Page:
23. 23. Where to play is one of the most critical choices of strategy
  24. 24. The role of the industry in a company’s position on the power curve is so substantial that you would rather be an average company in a great industry than a great company in an average industry.
  25. 25. CEOs attribute only 50 % of decisions on target setting and strategy to facts and analytics- just b50 %. The other half they attribute to the strategy process and the dynamics in the strategy room.
  26. 26. Social dynamics in business reward over confidence.
  27. 27. When it comes to forecasting, several silent killers creep in-lack of a proper baseline, errors about performance attribution and the way we deal with uncertainty.
  28. 28. Often performance is mistaken for capability.
  29. 29. How do people deal with uncertainty in the strategy room? A. by ignoring uncertainty b. pretending to deal with uncertainty
  30. 30. Strategy plays out in a world of probabilities, not certainties. But the odds are knowable. Eight per cent of mid tier companies manage to jump to the top quintile of the power curve over a decade.
  31. 31. The mobility matrix Bottom Middle Top Top 15% 26% 59% Middle 14% 78% 8% Bottom 43% 40% 17% Company Starting Position 2000-2004 Company ending position 2010-2014
  32. 32. Companies that move up the curve deliver ROCE and growth better than industry, the next is deliver ROCE and no growth , third is growth and no RICE and the last group is no growth and no ROCE. If you are I the fourth bracket, then there is no lift off at all along the power curve.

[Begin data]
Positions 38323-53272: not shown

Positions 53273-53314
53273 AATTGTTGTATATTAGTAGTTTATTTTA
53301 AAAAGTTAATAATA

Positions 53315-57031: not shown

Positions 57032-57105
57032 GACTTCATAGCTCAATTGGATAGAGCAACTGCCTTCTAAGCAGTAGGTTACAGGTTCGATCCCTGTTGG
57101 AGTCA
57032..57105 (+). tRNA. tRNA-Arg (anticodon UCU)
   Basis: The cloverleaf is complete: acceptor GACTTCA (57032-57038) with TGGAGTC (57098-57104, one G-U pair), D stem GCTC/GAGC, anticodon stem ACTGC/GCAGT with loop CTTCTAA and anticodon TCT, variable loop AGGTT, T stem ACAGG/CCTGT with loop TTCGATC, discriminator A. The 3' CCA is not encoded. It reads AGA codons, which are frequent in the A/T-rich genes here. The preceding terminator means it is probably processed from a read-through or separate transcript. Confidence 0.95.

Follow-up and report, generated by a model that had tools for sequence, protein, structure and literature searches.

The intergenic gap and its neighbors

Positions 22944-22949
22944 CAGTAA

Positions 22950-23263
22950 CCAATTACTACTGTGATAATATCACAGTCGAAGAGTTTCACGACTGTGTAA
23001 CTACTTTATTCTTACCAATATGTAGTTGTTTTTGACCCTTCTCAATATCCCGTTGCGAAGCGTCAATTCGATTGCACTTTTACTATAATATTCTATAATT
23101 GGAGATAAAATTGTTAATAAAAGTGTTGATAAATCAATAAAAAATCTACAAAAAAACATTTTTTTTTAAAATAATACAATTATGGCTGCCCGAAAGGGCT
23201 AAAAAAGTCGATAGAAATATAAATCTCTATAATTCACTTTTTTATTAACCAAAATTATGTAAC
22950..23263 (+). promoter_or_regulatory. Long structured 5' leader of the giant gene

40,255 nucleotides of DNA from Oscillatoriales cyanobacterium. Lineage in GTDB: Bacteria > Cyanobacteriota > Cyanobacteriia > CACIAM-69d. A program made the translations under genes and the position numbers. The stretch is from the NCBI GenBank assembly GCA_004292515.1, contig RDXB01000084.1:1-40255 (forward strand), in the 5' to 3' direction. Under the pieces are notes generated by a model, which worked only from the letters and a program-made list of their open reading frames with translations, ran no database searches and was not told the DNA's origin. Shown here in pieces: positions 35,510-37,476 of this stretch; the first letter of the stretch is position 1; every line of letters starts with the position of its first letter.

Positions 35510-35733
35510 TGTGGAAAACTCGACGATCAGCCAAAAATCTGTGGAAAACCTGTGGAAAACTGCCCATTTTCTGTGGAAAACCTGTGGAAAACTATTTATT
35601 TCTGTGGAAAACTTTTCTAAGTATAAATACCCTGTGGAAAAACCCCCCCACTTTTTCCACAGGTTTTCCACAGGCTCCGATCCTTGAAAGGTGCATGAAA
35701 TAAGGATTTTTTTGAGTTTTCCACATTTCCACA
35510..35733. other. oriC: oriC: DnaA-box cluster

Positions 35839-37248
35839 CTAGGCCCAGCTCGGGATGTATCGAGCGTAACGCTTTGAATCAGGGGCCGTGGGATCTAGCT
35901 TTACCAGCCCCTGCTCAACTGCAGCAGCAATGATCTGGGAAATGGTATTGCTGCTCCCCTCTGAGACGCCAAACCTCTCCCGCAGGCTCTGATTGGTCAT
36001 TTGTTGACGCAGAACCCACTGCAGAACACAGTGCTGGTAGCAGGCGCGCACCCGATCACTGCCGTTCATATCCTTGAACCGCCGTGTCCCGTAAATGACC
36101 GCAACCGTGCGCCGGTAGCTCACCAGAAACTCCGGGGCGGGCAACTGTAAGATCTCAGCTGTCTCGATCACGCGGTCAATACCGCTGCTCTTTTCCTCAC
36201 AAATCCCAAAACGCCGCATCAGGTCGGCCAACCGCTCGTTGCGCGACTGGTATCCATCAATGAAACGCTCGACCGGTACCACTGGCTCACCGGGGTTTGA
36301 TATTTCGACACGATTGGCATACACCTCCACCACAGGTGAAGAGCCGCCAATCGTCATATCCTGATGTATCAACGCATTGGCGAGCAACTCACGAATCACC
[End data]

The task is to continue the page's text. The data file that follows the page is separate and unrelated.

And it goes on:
33. 33. Our data for 2393 of he largest companies, covering 15 years, 127 industry sectors and 62 countries revealed ten levers for the odds of success.
  34. 34. The 10 variables Endowment 1. Size in revenues 2.Debt capacity 3. Past Investment in R and D Trends 4.Inbdustry growth Trend 5.Geographic growth trend Moves 6. Mergers , acquisitions and divestments program 7.Resource re allocation 8. Capital Expenditure 9.Productivity Improvement 10.Differentiation improvement ( Gross margin)
  35. 35. If you face a disruption, like kodak did, you have two choices – either transform your industry(consolidation etc.) or decide to leave the industry.
  36. 36. Changing one’s industry does not happen overnight. Rarely is a business free to move from one industry to another, except private equity players and venture capitalists.
  37. 37. If you are going to stay in the same industry, then you have to find ways to alter the dynamics of your industry to boost performance.